There's a new way to make a great meatloaf. Purists focus on the meat, de-emphasizing the importance of the other fillers like breadcrumbs, vegetables and seasonings, but we look at meatloaf as an opportunity to sneak in some extra vegetables and whole grains and play with different flavors to give this classic a regular place on a healthy dinner table. In just 30 minutes you can throw together a killer meatloaf that has a fraction of the calories and saturated fat of a traditional recipe. (Our Basic Meatloaf, for example, saves you 170 calories and 6 grams saturated fat per serving.) To get started, pick a flavor combo that you want to try and follow our how-to instructions (see recipe ideas below the how-to tips).
Step 1. Add Vegetables
Add vegetables to meatloaf to improve the texture, boost nutrients and keep portions reasonable without many extra calories. Cook the vegetables first to reduce the liquid in the loaf and prevent it from crumbling.
Step 2. Use Flavorings
Use big bold flavorings (spices or condiments like ketchup, mustard or Worcestershire) to make healthy meatloaf taste great. For 2 pounds of meat add 3/4 cup filler-anything from whole-wheat breadcrumbs to brown rice-and an egg to help it all stick together.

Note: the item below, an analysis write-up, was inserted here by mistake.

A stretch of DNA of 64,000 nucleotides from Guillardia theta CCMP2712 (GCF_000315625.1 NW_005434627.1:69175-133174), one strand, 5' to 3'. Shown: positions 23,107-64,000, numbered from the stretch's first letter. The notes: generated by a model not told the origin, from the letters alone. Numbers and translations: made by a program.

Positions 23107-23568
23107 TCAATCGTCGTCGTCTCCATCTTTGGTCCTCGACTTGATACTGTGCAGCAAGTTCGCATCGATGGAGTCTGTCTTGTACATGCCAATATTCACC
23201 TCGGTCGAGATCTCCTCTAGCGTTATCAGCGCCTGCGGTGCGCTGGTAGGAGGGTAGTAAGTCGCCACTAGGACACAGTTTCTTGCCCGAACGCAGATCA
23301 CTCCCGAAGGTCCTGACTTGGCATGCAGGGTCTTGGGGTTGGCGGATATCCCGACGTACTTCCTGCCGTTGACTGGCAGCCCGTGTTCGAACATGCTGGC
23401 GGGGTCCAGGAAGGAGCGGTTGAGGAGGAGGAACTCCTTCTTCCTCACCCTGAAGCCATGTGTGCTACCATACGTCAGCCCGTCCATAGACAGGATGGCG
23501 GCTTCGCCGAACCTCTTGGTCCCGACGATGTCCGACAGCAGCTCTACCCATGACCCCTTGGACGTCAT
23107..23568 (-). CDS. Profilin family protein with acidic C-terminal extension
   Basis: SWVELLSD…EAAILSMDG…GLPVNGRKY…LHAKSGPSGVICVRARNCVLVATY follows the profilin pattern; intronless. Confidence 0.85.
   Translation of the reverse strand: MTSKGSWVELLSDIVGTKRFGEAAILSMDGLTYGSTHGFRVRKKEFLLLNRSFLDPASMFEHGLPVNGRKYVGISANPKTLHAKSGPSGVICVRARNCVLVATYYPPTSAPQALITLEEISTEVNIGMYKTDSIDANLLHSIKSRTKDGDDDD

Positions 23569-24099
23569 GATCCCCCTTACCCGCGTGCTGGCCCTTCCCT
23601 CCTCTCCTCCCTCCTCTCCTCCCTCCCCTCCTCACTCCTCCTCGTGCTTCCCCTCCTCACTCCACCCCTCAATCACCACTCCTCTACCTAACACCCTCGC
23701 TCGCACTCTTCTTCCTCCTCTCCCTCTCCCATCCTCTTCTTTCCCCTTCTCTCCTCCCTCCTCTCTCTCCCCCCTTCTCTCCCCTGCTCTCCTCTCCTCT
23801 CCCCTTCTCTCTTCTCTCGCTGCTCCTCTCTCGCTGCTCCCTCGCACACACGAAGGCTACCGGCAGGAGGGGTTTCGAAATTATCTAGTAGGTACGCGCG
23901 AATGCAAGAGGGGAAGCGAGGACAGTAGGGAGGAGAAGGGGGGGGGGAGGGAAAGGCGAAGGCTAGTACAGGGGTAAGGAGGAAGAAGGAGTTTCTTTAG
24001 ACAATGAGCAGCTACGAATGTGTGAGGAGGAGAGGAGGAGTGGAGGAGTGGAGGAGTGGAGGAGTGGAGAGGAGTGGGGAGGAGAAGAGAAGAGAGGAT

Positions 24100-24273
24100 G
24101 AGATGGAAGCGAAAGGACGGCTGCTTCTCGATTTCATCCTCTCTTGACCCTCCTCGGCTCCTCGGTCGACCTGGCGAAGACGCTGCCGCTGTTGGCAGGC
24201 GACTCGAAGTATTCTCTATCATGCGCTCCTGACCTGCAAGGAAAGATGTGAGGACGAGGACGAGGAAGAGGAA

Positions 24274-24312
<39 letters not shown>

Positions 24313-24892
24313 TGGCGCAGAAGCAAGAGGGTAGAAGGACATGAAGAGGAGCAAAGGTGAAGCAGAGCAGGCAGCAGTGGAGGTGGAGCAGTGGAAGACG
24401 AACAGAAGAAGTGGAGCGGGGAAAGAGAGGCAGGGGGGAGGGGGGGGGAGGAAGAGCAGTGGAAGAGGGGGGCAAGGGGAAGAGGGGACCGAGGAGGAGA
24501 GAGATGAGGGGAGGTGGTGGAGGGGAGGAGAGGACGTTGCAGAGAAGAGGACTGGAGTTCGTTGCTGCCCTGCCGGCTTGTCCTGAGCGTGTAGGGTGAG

Step 3. Knead Gently
Gently knead the meatloaf ingredients just until combined-overmixed meatloaf is dense and less tender.
Step 4. Make A Freeform Loaf
Try making a freeform meatloaf on a baking sheet. A freeform loaf cooks about 15 minutes faster than one in a loaf pan.
Here are 5 ways to flavor your meatloaf:
a filler in this healthy Asian-flavored meatloaf recipe, but feel free to swap fresh whole-wheat breadcrumbs for the rice.
Bacon Cheeseburger Meatloaf
Do you like bacon cheeseburgers? Try this healthy meatloaf recipe packed with bacon and Cheddar cheese. It has all the flavor of a bacon cheeseburger with none of the guilt.
How do you make meatloaf healthier?
By Stacy Fraser
Stacy Fraser is Test Kitchen manager at EatingWell. With a background in ecological agriculture and many past growing seasons under her belt, Stacy began her study of food in the field, literally. Before joining the crew at EatingWell, Stacy managed the kitchen of breakfast and lunch hot spot Penny Cluse, in downtown Burlington, Vermont, where she learned how to make simple, delicious food from fresh ingredients.
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